Forum for Science, Industry and Business

Sponsored by:     3M 
Search our Site:

 

Dispersal, the key for understanding marine biodiversity

31.10.2016

Dispersal plays a key role to connect populations, and contrastingly, its moderate limitation is one of the main processes to maintain species coexistence and promote regional biodiversity. A study recently published in Scientific Reports has explored whether neutral theory predictions with respect to marine biological connectivity are correct or not.

Under the assumptions of Stephen P. Hubbell's neutral theory of biodiversity and Motoo Kimura's neutral theory of molecular evolution, dispersal limitation and demographic changes in populations due to chance (stochasticity) determine genetic and ecology drift, respectively.


This image shows wind dispersal in pelagic species.

Credit: © Luis Quinta

So these processes would shape not only the genetic structure of the populations within the space, but also the structure of communities and their spatial beta-diversity patterns. These aspects compared have scarcely been explored empirically in the marine ecosystem, in particular.

In a recent study published in Scientific Reports, a team comprising 17 scientists from 14 centres and led by the Spanish R&D centre AZTI have gathered large data sets on the genetic structure of populations (98 benthic macroinvertebrate species and 35 plankton species) and biogeographical data (2,193 benthic macroinvertebrate species and 734 plankton species) with the aim of confirming the predictions of the Hubbell and Kimura theories in marine biological connectivity.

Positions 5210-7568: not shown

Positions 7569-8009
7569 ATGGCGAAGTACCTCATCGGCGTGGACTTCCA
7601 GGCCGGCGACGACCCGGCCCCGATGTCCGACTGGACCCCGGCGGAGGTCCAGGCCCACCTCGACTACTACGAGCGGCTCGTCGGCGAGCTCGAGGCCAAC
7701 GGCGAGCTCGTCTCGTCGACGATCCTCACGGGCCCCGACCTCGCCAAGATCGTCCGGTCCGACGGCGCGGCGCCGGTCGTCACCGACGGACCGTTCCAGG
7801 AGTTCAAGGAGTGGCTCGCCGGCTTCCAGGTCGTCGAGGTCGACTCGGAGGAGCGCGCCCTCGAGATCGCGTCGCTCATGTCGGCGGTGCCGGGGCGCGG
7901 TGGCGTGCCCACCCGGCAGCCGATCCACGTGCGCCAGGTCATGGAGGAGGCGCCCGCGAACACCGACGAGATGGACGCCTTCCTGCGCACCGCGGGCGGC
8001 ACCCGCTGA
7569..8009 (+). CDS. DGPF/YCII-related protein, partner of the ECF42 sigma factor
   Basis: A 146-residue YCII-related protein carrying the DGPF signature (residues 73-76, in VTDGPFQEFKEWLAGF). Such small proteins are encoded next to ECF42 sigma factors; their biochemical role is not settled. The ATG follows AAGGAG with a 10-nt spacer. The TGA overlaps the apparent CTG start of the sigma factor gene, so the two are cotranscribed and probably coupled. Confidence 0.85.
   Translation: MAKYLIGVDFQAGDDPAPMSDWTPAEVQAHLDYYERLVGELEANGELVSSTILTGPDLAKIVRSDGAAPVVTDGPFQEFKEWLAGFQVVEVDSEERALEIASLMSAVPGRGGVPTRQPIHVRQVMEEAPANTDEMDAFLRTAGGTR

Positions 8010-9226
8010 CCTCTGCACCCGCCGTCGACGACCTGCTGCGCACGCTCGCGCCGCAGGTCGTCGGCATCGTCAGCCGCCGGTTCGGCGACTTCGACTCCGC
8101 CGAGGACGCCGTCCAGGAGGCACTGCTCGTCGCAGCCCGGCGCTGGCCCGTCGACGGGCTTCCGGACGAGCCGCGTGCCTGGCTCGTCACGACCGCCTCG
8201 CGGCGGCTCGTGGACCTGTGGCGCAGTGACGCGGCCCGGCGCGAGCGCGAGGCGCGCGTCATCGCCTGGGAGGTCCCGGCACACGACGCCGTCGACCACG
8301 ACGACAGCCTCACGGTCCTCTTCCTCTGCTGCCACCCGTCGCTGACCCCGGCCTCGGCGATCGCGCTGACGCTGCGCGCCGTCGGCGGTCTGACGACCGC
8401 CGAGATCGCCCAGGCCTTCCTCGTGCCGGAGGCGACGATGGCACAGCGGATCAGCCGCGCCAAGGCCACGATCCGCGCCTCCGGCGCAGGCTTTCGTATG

"Better understanding the regional patterns of the populations and communities are essential aspects in protecting and managing marine biodiversity," explained Guillem Chust, an AZTI researcher. "With these data and based on the genetic differentiations relative to geographical distance and the diversity of species that comprise a community, we have been able to estimate the dispersal distances."

The most significant result found by this research team stems from the fact that "the estimated dispersal distances ranked the biological groups in the same order at both genetic and community levels, as predicted by organism dispersal ability and seascape connectivity, as predicted by the type of dispersal and the connectivity of the seascape it inhabits," stressed Chust.

Specifically, according to the results of the research, in the species that inhabit or are found associated with sediment (macrobenthos) and whose larvae are not dispersed in the plankton display shorter dispersal distances than those whose larvae are dispersed in the plankton. Likewise, both groups displayed smaller dispersal scales than the plankton species (including phyto- and zoo-plankton). This range of dispersion scales is associated with the limitations of movement by the macrobenthos on the seabed, compared with the pelagic habitat where the plankton populations are more connected through the marine currents owing to passive dispersal.